FIG. 2 is a diagrammatic side elevational view of the FIG. 1 apparatus.
FIG. 3 is a diagrammatic sectional view of an alternate embodiment plasma reactor apparatus in accordance with the invention.
This disclosure of the invention is submitted in furtherance of the constitutional purposes of the U.S. Patent Laws "to promote the progress of science and useful arts" (Article 1, Section 8).
In accordance with one aspect of the invention, a plasma reactor apparatus comprises:
an electrically insulative shell forming a reactor cavity, the reactor cavity having internal walls;
inductive coupling means positioned externally of the cavity for inductively generating and transmitting electromagnetic radiation into the reactor cavity to ionize gas therein into a plasma state; and
capacitive coupling means positioned externally of the cavity for capacitively generating and transmitting electromagnetic radiation into the reactor cavity to ionize gas therein into a plasma state, and for drawing plasma ions in the direction of the capacitive coupling means to impact and clean material adhering to the reactor cavity internal walls.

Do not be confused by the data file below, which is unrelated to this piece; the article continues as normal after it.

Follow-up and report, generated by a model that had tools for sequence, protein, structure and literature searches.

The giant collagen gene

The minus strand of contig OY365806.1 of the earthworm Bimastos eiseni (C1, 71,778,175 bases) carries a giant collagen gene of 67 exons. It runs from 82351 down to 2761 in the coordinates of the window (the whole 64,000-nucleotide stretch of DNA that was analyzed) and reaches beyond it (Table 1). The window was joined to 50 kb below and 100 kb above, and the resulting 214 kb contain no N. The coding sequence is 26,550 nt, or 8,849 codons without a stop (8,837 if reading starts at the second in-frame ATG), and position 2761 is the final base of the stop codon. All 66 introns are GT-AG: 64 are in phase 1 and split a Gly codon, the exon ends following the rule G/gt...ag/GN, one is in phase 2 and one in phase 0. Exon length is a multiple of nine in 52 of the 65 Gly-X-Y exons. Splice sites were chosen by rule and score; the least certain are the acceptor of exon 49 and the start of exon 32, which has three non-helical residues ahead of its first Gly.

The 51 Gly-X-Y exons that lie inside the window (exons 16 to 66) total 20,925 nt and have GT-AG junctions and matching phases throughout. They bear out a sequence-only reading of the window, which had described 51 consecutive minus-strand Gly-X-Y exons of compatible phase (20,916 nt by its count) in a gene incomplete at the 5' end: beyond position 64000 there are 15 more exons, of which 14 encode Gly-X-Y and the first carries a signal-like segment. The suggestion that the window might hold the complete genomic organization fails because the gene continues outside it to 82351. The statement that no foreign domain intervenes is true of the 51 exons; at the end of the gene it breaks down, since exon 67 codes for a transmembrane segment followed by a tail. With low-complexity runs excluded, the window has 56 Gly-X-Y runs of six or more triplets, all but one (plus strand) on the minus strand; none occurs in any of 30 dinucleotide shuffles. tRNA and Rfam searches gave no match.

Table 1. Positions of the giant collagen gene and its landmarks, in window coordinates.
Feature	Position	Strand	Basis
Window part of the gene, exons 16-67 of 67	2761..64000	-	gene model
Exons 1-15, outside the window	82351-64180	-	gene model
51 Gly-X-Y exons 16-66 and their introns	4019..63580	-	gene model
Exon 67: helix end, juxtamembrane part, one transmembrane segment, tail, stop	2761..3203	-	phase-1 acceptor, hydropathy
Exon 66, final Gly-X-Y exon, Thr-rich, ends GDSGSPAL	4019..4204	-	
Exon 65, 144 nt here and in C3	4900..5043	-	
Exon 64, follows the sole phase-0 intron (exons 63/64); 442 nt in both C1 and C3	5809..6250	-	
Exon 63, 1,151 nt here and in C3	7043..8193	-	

In accordance with another aspect of the invention, a method of cleaning away material adhering to internal walls of a plasma reactor comprises the following steps:
injecting a cleaning gas into the reactor, the cleaning gas comprising a species which when ionized is reactive with material adhering to the internal plasma reactor walls; and
generating a capacitive coupling effect between a pair of conductors, at least one of which is positioned externally of the plasma reactor, effective to both ionize the cleaning gas into the reactive ionized species and draw such ionized species in the direction of the external conductor to impact and clean away material adhering to the reactor internal walls.